“Obviously we want to celebrate the president joining the conversation,” Cates said. “That is wonderful, so we will celebrate that, but we will continue to call on the Democratic National Committee to follow suit and go ahead and endorse marriage equality and full federal equality. And we will also continue to call on our president to sign that executive order and to push for employment protections.”
On the Facebook page for the rally, GetEQUAL TX wrote, “While we have every reason to protest tonight, we now also have a reason to celebrate! Tonight we will make a clear call for elected leaders from Mayor Mike Rawlings to Members of Congress to the DNC to follow the President’s example and stand up for what they know is right!”
The group added that crews from several local TV stations will be on hand for the rally, which begins at 7 p.m. at the Legacy of Love monument at Oak Lawn Avenue.
Daniel Cates, North Texas regional coordinator for GetEQUAL, said the rally will call for the Democratic National Committee to move its 2012 Democratic National Convention out of Charlotte, and for the DNC to add support for same-sex marriage and full federal equality for LGBT people to the party platform. The rally will also call for leaders like Dallas Mayor Mike Rawlings and President Barack Obama to end their silence on marriage equality.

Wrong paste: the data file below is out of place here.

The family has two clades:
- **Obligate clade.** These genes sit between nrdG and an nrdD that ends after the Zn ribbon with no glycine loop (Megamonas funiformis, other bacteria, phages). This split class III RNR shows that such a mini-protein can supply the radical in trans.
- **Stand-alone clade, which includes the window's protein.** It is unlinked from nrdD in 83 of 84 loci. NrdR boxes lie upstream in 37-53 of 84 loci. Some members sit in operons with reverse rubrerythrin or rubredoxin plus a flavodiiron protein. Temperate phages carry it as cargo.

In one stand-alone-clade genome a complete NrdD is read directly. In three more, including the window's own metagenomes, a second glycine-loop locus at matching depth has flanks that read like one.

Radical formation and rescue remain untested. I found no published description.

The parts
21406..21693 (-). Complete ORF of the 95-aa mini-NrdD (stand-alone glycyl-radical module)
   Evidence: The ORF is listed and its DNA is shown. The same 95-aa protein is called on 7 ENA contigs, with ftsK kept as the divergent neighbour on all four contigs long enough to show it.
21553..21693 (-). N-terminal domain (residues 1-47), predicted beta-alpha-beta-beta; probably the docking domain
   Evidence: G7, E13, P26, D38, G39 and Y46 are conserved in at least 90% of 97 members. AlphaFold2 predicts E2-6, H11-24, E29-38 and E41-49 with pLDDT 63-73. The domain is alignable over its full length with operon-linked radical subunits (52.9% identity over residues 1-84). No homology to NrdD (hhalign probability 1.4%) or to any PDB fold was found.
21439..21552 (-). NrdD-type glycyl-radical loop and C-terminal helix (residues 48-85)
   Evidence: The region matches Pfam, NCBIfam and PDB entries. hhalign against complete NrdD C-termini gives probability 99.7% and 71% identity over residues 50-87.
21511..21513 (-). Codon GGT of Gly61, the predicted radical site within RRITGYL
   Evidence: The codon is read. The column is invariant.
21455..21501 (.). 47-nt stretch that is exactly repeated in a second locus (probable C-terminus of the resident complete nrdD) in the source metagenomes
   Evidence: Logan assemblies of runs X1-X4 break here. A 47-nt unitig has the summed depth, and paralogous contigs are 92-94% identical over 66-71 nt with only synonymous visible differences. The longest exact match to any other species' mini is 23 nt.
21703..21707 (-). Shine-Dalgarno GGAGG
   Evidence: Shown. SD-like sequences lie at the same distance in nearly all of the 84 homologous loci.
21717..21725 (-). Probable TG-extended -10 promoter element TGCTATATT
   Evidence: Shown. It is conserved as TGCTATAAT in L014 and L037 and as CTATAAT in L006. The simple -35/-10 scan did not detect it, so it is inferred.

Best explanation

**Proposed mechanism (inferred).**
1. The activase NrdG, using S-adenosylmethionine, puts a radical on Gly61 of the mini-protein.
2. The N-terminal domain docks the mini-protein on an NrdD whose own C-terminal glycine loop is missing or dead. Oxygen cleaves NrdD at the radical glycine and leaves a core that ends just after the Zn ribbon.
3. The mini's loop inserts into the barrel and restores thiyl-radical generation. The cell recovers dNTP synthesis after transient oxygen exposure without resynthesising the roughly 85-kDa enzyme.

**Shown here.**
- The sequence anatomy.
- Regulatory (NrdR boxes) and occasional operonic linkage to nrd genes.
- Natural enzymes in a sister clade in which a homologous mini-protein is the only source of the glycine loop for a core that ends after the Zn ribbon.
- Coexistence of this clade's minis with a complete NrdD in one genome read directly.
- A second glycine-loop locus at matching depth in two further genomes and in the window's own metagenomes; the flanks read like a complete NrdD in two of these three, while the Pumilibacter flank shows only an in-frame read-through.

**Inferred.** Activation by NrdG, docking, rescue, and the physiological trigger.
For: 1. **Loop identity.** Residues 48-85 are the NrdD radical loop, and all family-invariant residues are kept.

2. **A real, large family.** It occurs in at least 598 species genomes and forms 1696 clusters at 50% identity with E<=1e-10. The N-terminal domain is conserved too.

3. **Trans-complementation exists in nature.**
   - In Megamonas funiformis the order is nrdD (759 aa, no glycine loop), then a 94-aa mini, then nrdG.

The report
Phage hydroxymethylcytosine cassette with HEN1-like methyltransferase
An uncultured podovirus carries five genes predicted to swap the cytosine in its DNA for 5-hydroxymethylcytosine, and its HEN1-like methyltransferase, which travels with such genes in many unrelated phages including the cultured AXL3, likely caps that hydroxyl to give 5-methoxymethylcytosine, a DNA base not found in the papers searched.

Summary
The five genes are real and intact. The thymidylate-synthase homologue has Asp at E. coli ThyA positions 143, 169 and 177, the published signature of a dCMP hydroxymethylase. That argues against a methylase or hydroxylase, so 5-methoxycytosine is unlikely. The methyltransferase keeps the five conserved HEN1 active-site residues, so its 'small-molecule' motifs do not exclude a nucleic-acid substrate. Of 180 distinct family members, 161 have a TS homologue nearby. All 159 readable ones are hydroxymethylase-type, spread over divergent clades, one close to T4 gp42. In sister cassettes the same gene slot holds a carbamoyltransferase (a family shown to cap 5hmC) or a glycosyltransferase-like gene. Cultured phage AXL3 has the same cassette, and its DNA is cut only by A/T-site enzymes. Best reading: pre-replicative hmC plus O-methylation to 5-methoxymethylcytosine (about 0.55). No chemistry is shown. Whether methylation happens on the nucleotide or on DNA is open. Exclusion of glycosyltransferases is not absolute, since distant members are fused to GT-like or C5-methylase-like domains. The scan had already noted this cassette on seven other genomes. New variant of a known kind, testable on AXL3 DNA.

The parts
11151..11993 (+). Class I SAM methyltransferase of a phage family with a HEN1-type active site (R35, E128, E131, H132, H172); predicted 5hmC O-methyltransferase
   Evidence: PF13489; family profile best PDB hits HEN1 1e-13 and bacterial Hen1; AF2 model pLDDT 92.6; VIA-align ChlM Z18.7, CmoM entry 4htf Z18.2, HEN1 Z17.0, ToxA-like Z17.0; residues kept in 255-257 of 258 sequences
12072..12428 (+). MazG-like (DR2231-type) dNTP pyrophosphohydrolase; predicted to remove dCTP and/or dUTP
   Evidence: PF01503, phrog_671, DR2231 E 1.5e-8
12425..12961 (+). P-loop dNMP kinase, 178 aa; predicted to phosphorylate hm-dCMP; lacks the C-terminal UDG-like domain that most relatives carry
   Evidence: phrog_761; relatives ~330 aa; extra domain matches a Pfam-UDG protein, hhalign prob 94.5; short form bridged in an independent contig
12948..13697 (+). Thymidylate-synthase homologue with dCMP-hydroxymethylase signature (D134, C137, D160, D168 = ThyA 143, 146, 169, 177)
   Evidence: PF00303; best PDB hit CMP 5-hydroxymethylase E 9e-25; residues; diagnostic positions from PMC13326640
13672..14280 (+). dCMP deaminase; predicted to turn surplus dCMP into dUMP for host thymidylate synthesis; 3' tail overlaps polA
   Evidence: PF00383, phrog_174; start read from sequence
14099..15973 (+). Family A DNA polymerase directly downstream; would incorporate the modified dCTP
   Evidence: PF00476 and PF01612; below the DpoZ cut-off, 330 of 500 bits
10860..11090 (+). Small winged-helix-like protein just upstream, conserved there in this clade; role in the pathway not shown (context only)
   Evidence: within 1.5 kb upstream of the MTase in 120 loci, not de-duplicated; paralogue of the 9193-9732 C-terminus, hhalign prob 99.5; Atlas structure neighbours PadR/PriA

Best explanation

“The passage of Amendment 1 sends a clear message that a majority can, by a popular vote, restrict the rights of a minority. This is dangerous territory and undermines the principals our nation was founded upon. Fair minded people across this nation must speak up and condemn the passage of this amendment.” Cates said in a press release. “We are calling on all leaders, from Mayor Mike Rawlings to President Obama, who have claimed to be our friends and campaigned for our votes to end their silence on issues of civil rights for LGBT people and take a substantive stand for what they know is right.”
North Carolina, where first cousins and convicted murderers can still marry, becomes the 30th state to pass a constitutional amendment banning same-sex marriage — and the last of the Southern states to do so. Amendment One, which voters approved by a margin of 61 percent to 39 percent, also prohibits all other forms of relationship recognition for same-sex couples.
Meanwhile, as if to add insult to injury, Republicans in the Colorado House blocked a vote on a civil unions bill late Tuesday.
Tonight’s rally begins at 7 at the Legacy of Love Monument, at Oak Lawn Avenue and Cedar Springs Road. Participants are encouraged to bring signs, flags banners and candles. For more information, contact Cates at Daniel@getequaltx.org. The full press release is below.